Wyoming Arts Council

Laramie Fiber Festival celebrates sheep industry contributions to Wyoming

vintage photo of a man holding on to a sheep and showing if off

University of Wyoming research to benefit the state’s wool industry will be celebrated during a fiber festival Sept. 18-20 at the Wyoming Territorial Prison State Historic Site in Laramie. (American Heritage Center)

From a University of Wyoming press release:

Fiber craft, craftspeople and sheep will be celebrated with workshops and demonstrations during the WyoFiber Live! Festival Friday through Sunday, Sept. 18-20, at the Wyoming Territorial Prison State Historic Site (WTP), according to Debbie Gorski of the Wyoming Women’s Business Center (WWBC) at the University of Wyoming.

She says all ages and interests are welcome to attend. Festival information is at http://bit.ly/2015wyofiber.

The territorial prison grounds were selected for the festival because of the site’s history with sheep, says Deborah Amend, WTP site superintendent.

Prisoners were transferred in 1902 from the Laramie prison to the new prison in Rawlins, and UW’s College of Agriculture Experiment Station moved onto the grounds in 1903. Its studies included sheep research.

“For almost 86 years, the University of Wyoming conducted numerous scientific research studies on genetics and breeding healthier sheep,” Amend says. “And also a wool laboratory to teach, gather and distribute research findings on how to achieve cleaner, thicker and better quality wool. Sheep were a huge part of this historic site’s history.”

WyoFiber festival participants this year can recreate, reinvent and redesign their old woolen sweaters, jackets, vests and scarves, work with six Wyoming-sourced wool fibers and learn wool types, characteristics, carding and spinning, and work with fibers from a variety of animals.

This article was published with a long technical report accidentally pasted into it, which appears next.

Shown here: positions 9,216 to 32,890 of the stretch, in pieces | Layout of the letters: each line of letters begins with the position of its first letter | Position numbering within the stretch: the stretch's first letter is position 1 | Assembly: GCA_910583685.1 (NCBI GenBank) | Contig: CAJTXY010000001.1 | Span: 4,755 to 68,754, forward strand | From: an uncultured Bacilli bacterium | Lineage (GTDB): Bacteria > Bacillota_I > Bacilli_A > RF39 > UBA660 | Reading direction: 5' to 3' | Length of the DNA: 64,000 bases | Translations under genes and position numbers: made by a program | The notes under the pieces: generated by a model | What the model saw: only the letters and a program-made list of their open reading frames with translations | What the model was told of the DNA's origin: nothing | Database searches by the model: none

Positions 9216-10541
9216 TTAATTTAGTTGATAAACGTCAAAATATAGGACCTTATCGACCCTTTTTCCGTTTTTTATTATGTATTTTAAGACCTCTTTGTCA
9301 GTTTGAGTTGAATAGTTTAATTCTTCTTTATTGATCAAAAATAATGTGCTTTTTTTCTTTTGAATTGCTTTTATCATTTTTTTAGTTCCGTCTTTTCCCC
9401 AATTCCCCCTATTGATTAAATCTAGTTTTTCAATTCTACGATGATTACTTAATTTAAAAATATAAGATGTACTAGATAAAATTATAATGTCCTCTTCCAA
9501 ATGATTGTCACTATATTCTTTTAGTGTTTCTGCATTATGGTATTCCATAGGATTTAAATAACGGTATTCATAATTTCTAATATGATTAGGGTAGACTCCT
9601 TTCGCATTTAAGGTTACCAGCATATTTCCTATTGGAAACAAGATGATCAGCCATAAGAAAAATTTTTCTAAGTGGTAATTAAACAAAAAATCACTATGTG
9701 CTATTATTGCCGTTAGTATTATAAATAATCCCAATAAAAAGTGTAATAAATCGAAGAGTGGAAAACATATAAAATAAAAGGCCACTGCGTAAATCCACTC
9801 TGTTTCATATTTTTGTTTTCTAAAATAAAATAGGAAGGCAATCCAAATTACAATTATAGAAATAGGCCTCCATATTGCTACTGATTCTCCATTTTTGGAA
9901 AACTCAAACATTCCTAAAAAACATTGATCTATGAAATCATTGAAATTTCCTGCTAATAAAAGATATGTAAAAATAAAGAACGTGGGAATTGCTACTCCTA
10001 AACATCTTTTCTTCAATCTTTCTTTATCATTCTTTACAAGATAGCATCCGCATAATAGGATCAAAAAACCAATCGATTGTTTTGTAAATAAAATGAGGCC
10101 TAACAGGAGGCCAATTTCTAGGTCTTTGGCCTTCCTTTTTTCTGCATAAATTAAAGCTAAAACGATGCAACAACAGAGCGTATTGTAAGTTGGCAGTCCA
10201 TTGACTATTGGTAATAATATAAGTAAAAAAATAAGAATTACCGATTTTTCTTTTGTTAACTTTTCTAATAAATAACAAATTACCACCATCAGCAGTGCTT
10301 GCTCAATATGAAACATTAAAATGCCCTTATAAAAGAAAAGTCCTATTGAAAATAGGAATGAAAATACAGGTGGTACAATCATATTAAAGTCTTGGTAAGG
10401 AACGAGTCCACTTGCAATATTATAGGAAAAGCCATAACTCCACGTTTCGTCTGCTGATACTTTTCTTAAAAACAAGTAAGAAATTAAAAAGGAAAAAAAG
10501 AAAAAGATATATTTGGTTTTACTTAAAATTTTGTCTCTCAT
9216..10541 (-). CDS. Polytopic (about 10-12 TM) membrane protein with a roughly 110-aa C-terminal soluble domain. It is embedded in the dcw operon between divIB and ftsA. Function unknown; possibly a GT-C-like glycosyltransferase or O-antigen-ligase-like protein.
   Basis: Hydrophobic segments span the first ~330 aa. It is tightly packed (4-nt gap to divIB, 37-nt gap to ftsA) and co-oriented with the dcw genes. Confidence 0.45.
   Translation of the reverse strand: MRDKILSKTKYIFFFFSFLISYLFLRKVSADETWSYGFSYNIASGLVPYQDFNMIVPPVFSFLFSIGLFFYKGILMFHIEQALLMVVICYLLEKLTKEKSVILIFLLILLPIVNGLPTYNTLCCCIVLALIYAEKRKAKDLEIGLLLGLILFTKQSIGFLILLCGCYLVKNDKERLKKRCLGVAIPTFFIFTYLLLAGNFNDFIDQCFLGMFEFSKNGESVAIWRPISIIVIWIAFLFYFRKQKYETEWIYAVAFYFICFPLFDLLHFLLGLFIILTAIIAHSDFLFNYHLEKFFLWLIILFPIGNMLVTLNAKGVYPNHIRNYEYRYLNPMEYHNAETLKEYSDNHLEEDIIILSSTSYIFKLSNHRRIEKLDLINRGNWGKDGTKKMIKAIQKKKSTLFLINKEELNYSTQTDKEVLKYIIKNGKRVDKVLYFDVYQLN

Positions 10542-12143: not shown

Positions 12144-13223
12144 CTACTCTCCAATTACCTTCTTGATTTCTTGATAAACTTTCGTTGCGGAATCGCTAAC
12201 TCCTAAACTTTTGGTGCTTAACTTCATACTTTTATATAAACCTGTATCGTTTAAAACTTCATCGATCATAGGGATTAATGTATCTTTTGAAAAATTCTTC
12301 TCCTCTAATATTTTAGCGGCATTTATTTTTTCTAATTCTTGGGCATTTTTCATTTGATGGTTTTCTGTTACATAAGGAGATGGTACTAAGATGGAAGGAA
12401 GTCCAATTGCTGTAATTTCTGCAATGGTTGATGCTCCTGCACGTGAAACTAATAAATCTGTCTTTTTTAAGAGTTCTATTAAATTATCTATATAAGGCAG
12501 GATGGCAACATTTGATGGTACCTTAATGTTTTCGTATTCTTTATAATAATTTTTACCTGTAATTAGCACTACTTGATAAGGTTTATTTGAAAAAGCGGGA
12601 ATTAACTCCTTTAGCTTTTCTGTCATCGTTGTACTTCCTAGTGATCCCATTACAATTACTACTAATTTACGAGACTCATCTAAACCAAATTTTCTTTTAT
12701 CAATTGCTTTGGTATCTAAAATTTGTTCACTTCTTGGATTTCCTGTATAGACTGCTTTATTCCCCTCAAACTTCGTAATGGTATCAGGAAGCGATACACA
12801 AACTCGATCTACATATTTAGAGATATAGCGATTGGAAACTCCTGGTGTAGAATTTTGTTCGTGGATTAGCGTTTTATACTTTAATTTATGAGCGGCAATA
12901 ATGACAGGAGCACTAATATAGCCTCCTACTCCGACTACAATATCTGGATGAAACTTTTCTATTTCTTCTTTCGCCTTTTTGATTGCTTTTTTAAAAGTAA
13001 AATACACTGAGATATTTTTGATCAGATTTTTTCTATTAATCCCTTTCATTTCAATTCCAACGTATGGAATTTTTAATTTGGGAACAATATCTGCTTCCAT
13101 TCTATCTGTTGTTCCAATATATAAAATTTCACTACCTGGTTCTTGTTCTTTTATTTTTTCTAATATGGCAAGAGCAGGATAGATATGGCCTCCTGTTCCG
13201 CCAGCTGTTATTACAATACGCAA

Other demonstrations and sessions include spinning, felting, sewing, broom making, tatting, dyeing and knitting. UW Extension educators will give presentations on raising fiber animals and niche marketing.

“The event focuses on more than the craft end of fiber,” Gorski says. “We also are focusing on the wool and natural fiber industry, and the importance of the wool industry in Wyoming. Wyoming has a rich history with sheepherding and the wool industry.”

UW will provide the sheep, and the Wyoming Stock Dog Association is providing the dogs for Saturday’s stock dog trial/competition. Author Nancy Weidel will discuss early sheep wagons and sheepherding in Wyoming Sunday, Sept. 20.

Amend says she wanted to partner with the WWBC to organize the festival because of the prison site’s history with wool and because of the popularity of fiber festivals across the country.

“Wyoming doesn’t have a large, educational fiber festival,” Amend says. “We have folk festivals and workshops for fiber artisans, but this festival is focused more on education for the public. There are a lot of people working with fiber these days creating some amazing products, and there is a new generation wanting to learn these skills.”

For more information on the workshops, vendors or schedule of activities, contact Gorski at DebK@uwyo.edu or Amend at Deborah.amend@wyo.gov.

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